- Identify and trace prescription drugs distribution.
- Controlled substance monitoring.
- Cold chain monitoring.
- Monitoring the source and provenance of active pharmaceutical ingredients.
It is a reasonable question to ask what advantages DLT solutions may offer over the current tools in use. No point replacing a system that works. Put simply:
- Records in centralised databases usually managed by system administrators can be edited or deleted whereas blockchains have immutability.
- Blockchains are kept synchronised through consensus mechanisms so that a single ‘state’ is replicated across all participants rather than a third party needing to reconcile databases and transactions after the fact.
- Invalid transactions are not permitted thus trust is managed at the agreed protocol level.
Dismissing the problem of oracles, it appears that DLTs may be useful and are worthy of consideration.
There are several criteria imposed by the Drug Supply Chain Security Act (DCSCA) when it comes to medication provenance tools. This act mandates product identification, tracing and verification as well as the ability to detect and respond to suspected counterfeits. Notification and information sharing capabilities additionally confirm the suitability of distributed ledgers.
Several notable start-ups have emerged to solve these issues, and all appear compliant:
- The MediLedger Project, backed by a group of companies that includes pharma giants Genentech and Pfizer, has successfully piloted a program that uses blockchain tools to track medicines.
- io combines sensors and blockchain technology to monitor products requiring cold-chain handling to improve pharma supply-chain efficiency.
- BlockVerify authenticates products by tracking quick response (QR) codes on packaging of pharmaceuticals on a blockchain.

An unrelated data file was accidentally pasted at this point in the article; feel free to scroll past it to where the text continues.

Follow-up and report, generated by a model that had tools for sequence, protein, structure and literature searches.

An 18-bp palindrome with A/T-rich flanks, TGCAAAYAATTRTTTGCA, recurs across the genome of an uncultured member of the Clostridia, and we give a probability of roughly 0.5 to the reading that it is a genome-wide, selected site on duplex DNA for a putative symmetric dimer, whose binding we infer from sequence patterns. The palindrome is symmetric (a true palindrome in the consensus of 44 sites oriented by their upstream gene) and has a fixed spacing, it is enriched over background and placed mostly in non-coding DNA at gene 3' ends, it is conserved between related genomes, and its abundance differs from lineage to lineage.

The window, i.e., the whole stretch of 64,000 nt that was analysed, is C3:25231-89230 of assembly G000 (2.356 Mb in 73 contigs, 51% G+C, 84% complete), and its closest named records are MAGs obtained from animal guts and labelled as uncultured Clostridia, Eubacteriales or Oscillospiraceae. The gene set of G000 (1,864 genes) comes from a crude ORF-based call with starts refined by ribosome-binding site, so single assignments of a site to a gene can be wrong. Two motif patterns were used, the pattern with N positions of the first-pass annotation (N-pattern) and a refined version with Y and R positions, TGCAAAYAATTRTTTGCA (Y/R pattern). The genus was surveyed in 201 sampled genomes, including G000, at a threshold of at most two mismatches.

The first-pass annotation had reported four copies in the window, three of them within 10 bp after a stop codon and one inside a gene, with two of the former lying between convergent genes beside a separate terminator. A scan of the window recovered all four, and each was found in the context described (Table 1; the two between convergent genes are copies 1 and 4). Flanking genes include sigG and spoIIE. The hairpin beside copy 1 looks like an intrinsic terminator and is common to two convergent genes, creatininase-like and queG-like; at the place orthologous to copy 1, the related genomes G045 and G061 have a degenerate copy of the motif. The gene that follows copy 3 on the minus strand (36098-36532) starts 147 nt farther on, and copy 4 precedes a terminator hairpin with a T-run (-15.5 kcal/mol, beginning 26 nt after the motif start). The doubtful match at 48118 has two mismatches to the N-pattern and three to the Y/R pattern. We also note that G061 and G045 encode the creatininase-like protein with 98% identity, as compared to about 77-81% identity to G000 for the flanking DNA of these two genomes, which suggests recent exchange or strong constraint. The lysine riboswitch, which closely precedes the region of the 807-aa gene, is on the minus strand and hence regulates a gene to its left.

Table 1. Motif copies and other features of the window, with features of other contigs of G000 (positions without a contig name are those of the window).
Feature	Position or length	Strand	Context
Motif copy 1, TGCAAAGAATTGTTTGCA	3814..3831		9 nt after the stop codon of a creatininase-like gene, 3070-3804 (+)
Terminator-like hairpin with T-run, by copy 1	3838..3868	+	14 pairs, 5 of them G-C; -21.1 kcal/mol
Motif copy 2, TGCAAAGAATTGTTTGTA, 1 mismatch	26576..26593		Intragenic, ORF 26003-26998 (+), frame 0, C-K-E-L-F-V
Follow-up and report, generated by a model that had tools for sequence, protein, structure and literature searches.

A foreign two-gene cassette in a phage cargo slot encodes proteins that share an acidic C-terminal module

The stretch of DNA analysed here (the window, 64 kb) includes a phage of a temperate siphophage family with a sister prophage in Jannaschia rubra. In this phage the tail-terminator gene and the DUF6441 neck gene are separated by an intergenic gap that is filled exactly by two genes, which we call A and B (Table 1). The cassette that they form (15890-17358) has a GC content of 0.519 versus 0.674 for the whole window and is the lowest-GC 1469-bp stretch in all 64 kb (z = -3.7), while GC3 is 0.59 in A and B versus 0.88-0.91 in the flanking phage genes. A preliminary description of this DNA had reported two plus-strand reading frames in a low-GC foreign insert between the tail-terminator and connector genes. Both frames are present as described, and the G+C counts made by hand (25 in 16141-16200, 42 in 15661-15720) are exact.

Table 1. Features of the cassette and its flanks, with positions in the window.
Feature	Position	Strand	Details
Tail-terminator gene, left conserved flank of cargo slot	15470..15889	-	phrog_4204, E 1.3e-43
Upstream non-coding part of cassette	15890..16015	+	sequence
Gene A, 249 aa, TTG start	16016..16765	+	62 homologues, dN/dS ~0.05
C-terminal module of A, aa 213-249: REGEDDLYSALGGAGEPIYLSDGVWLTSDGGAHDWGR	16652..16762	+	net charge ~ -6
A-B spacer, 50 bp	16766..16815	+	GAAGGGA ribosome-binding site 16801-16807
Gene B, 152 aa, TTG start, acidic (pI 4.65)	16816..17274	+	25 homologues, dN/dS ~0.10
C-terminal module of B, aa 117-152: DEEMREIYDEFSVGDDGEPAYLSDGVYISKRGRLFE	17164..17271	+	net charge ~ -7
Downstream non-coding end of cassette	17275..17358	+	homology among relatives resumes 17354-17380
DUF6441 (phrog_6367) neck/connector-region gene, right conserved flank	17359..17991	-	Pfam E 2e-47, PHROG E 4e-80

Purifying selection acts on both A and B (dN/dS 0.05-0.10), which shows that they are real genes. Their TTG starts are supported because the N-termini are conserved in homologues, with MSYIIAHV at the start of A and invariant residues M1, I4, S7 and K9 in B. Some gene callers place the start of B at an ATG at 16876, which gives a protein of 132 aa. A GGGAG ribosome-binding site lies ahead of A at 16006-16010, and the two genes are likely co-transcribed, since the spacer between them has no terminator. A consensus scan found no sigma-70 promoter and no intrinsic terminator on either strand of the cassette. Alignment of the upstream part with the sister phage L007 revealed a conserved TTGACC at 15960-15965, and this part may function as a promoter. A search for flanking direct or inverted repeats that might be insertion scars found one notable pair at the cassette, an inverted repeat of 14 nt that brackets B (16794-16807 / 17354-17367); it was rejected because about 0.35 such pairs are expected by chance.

- FarmaTrust is a blockchain and AI based provenance system for use in pharmaceutical and healthcare markets.
This list is of course not exhaustive. IBM, Consensys (supporting Viant), VeChain, iSolve and others are all working on solutions in supply chain that will no doubt have cross-over functionality in healthcare.
In the event that DLT solutions demonstrate more value than those already in use, executives will be faced with the issue of deciding between the various offerings. Whichever one they choose, solutions that focus on interoperability in combination with governance will likely be the most successful. The jury is out as most products are still in their infancy and are yet to prove their worth.
Technology, however, is only one half of the solution. The big elephant in the room is that of how to encourage coopetition. No matter how much evidence is presented about data sharing, cultural change is difficult. Trust issues cannot simply be whisked away by a new type of ledger.
While Bitcoin very cleverly introduced proof-of-work mining and crypto-economic incentives, many subsequent ICOs have failed to see their utility tokens turn into anything of value. It remains to be seen if cryptocurrencies are sufficient to alter the way companies interact. Ignoring this function, however, should be done with caution – particularly when considering the deployment of permissioned solutions.
The subject of tokenomics deserves more than a passing mention and is the subject of a future post.
Bottom line though, healthcare supply chains needs to change. Which technology combination will make the difference is yet to be revealed.